Customers hate minimum quantities when ordering online. However, based on the products you offer, the minimum quantity rule can be essential and make the difference between making and losing money on an order. Most eCommerce companies have built-in rules for minimum quantities.
For example, let’s say that you are selling pens and they can only be sold in boxes of ten. With 99% of eCommerce systems, you would need to create a product and call it Ball Point Pens – 10 Pack. This would be the only way for you to force incremental quantities. However, the right way to set up this product would be to advertise 1 Ball Point Pen instead of a ten pack. Here’s why:
- Reporting and quantity equalization will quickly become a nightmare if you have to create a new SKU/Bundle for every product that has a Quantity Incremental Rule,
- It’s confusing to the user,
- It looks weird in the checkout because the user can never see how many they are purchasing. Increments of ten is easy to figure out, but what if you sell a product that comes in increments of three?
- It’s not good from a Search standpoint either if you have to create a new bundle for every incremental product.
At Optimum7, we are able to fix this problem with a jQuery code on Volusion’s Product Detail Pages. The code forces the increments that you would like to have. So, if you sell a product called Ball Point Pen and it only comes in quantities of ten, the text box will allow your users to enter digits but will not allow them to add fifteen to the cart; only increments of ten. The text box is the best solution because a drop down menu would simply be too long. Imagine a list that started at ten and moved in increments of ten all the way up to 900; it would become a nuisance for anyone ordering 900 pens. So, this solution works perfectly because it doesn’t allow the user to break the increments while still letting them order precisely the quantity they want.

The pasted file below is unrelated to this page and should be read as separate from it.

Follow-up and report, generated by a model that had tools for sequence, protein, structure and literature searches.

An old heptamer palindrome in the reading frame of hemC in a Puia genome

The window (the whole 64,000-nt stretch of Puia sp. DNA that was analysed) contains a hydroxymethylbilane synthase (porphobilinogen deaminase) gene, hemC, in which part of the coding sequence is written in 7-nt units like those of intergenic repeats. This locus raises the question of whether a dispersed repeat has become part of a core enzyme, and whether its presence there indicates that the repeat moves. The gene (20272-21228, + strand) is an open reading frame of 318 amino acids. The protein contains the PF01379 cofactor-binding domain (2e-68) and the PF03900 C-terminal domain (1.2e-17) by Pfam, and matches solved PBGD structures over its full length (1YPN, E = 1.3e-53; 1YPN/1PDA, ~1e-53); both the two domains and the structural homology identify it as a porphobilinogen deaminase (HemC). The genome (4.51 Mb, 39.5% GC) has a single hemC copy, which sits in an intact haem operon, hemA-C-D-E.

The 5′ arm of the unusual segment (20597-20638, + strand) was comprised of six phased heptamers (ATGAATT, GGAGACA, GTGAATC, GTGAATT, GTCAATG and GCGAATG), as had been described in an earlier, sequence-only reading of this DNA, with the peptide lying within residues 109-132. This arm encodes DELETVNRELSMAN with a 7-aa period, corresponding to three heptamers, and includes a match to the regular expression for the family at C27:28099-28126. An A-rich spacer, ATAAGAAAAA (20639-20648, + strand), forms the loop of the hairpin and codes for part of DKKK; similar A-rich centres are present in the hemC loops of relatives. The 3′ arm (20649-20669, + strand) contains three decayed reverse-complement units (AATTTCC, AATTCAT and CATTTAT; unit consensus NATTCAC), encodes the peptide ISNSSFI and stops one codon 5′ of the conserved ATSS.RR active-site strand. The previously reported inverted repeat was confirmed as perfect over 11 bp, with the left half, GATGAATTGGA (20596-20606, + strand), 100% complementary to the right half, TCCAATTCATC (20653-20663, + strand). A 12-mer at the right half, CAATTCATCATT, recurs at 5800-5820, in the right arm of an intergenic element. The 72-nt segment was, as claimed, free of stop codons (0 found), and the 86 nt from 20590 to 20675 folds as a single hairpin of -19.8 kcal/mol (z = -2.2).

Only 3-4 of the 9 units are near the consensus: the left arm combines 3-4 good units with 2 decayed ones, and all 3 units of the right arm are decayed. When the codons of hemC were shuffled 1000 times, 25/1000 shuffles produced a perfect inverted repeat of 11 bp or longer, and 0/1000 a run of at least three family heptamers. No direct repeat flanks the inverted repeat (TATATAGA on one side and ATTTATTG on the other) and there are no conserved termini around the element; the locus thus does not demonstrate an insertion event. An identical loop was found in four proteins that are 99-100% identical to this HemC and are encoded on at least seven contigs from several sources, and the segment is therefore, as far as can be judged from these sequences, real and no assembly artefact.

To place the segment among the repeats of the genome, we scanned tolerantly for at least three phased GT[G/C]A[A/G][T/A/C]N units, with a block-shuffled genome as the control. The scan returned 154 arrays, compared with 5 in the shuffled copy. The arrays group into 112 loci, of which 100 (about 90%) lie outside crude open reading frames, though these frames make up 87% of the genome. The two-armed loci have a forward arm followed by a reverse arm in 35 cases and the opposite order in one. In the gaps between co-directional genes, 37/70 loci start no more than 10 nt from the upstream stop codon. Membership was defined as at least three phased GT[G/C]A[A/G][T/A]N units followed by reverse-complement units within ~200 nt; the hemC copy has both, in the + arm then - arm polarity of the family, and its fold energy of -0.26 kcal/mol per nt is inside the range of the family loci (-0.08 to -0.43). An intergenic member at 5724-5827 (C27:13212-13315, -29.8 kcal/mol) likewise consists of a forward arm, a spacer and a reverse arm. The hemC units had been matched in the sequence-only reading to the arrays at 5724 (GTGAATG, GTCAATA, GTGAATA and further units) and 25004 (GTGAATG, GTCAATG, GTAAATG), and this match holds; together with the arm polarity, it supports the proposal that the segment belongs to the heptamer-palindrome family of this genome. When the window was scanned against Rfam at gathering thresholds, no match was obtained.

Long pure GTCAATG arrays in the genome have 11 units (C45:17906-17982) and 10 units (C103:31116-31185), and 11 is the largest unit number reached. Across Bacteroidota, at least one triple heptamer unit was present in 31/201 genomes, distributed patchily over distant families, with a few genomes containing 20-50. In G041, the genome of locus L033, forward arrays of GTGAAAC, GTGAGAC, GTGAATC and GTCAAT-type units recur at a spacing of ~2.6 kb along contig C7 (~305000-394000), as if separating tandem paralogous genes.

You can also force a minimum quantity on a specific product page. Many shopping carts do not allow this, but even when they do they are buggy. The user can often find a way to place the order and you still may be responsible for processing the order. This functionality forces different minimum quantities for different products. So, when the user is on a product page, the minimum quantity is displayed and anything below that quantity cannot be added to cart.
There are many other minor functionality changes you can make on your eCommerce site, such as offering different percentage discounts at different quantity levels. The most essential element here is to know what your users want and how you can improve conversion rates by using minor functionality on your eCommerce site.
At Optimum7, we understand functionality, business, usability and conversions. Contact us today and let us show you more ways to make money and increase your bottom line. You have a lot that you can improve on your eCommerce site, you just might not know it yet!